Authenticating Requests: Using the Authorization Header (AWS Signature Version 4)
Using the HTTP
Authorization header is the most common method of
providing authentication information. Except for POST
requests and requests that are signed by using query parameters, all Amazon S3
bucket operations and object operations use the
header to provide authentication information.
The following is an example of the
Authorization header value. Line
breaks are added to this example for readability:
Authorization: AWS4-HMAC-SHA256 Credential=AKIAIOSFODNN7EXAMPLE/20130524/us-east-1/s3/aws4_request, SignedHeaders=host;range;x-amz-date, Signature=fe5f80f77d5fa3beca038a248ff027d0445342fe2855ddc963176630326f1024
The following is the properly formatted version of the same Authorization header:
Note the following:
There is space between the first two components,
The subsequent components,
Signatureare separated by a comma.
The following table describes the various components of the
Authorization header value in
the preceding example:
The algorithm that was used to calculate the signature. You must provide this value when you use AWS Signature Version 4 for authentication.
The string specifies AWS Signature Version 4 (
Your access key ID and the scope information, which includes the date, region, and service that were used to calculate the signature.
This string has the following form:
A semicolon-separated list of request headers that you
used to compute
|The 256-bit signature expressed as 64 lowercase hexadecimal characters. For example:
Note that the signature calculations vary depending on the option you choose to transfer the payload.
The signature calculations vary depending on the method you choose to transfer the request payload. S3 supports the following options:
Transfer payload in a single chunk – In this case, you have the following signature calculation options:
Signed payload option – You can optionally compute the entire payload checksum and include it in signature calculation. This provides added security but you need to read your payload twice or buffer it in memory.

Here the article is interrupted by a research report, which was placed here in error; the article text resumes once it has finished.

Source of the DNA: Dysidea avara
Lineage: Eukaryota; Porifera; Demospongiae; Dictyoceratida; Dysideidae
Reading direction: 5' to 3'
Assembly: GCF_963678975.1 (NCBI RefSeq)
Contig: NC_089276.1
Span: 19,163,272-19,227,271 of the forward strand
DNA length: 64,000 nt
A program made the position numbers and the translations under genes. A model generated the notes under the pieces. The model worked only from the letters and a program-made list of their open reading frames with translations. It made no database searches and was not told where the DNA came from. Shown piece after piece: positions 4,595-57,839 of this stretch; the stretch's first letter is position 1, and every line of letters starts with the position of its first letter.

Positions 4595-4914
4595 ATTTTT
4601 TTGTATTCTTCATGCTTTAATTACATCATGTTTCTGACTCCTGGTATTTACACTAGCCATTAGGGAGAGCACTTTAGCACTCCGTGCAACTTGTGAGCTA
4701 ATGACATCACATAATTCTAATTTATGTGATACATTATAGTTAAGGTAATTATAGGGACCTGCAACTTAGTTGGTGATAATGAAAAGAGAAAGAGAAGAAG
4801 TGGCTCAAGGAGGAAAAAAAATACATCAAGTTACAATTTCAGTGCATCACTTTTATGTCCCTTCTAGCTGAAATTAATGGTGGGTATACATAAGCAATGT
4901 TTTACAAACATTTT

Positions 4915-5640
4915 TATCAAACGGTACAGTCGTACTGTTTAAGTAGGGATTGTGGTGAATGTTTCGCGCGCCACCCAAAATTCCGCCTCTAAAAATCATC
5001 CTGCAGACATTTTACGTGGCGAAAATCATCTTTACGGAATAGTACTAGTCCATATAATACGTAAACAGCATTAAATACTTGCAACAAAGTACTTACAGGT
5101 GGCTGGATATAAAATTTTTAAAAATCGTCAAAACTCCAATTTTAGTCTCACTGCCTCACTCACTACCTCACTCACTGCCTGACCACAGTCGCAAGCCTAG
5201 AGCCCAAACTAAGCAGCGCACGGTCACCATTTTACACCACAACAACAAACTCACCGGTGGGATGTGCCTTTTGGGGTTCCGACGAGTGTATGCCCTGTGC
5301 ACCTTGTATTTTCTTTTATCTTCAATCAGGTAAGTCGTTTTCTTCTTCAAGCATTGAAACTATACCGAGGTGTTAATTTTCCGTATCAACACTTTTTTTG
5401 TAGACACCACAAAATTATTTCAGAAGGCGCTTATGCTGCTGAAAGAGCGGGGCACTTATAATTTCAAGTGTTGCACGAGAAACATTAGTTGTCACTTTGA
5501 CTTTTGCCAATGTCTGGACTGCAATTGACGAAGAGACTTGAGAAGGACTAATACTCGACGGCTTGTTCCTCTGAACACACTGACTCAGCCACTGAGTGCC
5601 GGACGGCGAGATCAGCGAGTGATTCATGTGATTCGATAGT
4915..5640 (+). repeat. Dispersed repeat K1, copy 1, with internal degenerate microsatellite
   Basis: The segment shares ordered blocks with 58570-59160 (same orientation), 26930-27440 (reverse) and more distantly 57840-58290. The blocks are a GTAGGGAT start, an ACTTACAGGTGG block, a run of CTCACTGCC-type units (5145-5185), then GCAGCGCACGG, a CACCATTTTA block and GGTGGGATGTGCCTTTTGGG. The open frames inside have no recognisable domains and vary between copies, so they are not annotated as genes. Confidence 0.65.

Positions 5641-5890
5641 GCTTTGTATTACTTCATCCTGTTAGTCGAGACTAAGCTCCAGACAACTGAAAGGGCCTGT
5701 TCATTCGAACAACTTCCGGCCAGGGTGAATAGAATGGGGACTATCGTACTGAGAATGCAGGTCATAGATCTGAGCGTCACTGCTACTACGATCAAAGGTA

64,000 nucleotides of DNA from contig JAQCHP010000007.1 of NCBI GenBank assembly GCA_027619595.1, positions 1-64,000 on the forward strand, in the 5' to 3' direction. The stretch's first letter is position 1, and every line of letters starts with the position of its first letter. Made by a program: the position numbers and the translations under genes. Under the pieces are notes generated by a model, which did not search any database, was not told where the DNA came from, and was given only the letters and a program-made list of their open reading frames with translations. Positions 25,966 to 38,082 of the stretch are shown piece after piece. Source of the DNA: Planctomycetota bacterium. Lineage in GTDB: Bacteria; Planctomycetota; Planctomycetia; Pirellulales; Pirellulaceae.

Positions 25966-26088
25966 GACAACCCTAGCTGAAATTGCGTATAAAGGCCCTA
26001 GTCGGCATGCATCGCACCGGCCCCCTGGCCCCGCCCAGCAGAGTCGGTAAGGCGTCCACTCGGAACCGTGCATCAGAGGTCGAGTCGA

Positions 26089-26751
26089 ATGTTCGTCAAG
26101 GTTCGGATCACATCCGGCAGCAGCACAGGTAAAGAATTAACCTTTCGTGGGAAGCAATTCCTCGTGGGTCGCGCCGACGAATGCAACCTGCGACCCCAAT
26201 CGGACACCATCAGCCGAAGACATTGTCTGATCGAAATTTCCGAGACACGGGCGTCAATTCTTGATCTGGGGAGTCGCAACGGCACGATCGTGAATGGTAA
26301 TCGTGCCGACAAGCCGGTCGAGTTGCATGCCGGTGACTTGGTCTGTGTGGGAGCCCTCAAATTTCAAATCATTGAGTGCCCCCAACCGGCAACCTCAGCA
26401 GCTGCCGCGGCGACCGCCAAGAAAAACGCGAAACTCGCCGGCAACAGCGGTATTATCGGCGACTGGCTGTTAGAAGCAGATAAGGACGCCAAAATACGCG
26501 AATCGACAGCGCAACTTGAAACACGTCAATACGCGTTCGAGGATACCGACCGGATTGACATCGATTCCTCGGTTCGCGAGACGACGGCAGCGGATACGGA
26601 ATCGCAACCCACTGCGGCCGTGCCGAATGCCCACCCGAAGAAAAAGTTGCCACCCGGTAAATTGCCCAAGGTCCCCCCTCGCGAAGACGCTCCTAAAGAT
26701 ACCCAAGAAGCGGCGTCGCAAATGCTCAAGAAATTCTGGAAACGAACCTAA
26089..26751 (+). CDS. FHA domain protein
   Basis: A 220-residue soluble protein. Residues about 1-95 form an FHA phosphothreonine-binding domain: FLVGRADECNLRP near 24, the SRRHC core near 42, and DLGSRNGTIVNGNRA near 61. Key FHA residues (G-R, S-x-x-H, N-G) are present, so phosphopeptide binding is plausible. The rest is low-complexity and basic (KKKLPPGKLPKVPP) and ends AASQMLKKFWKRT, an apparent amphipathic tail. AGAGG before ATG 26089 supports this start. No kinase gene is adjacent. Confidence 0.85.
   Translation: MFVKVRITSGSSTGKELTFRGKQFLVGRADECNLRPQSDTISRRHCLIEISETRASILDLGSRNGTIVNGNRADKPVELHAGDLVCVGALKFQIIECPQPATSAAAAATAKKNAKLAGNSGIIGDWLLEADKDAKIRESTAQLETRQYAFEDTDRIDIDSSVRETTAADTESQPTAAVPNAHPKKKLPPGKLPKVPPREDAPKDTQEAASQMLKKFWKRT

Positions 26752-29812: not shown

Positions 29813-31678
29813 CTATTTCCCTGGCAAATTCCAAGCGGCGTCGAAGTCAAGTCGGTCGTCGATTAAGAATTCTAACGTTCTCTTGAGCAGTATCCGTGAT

For example, in order to upload a file, you need to read the file first to compute a payload hash for signature calculation and again for transmission when you create the request. For smaller payloads, this approach might be preferable. However, for large files, reading the file twice can be inefficient, so you might want to upload data in chunks instead.
We recommend you include payload checksum for added security.
Unsigned payload option – Do not include payload checksum in signature calculation.
For step-by-step instructions to calculate signature and construct the Authorization header value, see Signature Calculations for the Authorization Header: Transferring Payload in a Single Chunk (AWS Signature Version 4).
Transfer payload in multiple chunks (chunked upload) – In this case you transfer payload in chunks. You can transfer a payload in chunks regardless of the payload size.
You can break up your payload into chunks. These can be fixed or variable-size chunks. By uploading data in chunks, you avoid reading the entire payload to calculate the signature. Instead, for the first chunk, you calculate a seed signature that uses only the request headers. The second chunk contains the signature for the first chunk, and each subsequent chunk contains the signature for the chunk that precedes it. At the end of the upload, you send a final chunk with 0 bytes of data that contains the signature of the last chunk of the payload. For more information, see Signature Calculations for the Authorization Header: Transferring Payload in Multiple Chunks (Chunked Upload) (AWS Signature Version 4).
When you send a request, you must tell Amazon S3 which of the preceding options you have
chosen in your signature calculation, by adding the
x-amz-content-sha256 header with one of the following
If you choose chunked upload options, set the header value to
If you choose to upload payload in a single chunk, set the header value to the payload checksum (signed payload option), or set the value to the literal string
UNSIGNED-PAYLOAD(unsigned payload option).
Upon receiving the request, Amazon S3 re-creates the string to sign using information in the
Authorization header and the
date header. It then
verifies with authentication service the signatures match. The request date can be
specified by using either the HTTP
Date or the
header. If both headers are present,
x-amz-date takes precedence.
If the signatures match, Amazon S3 processes your request; otherwise, your request will fail.
For more information, see the following topics: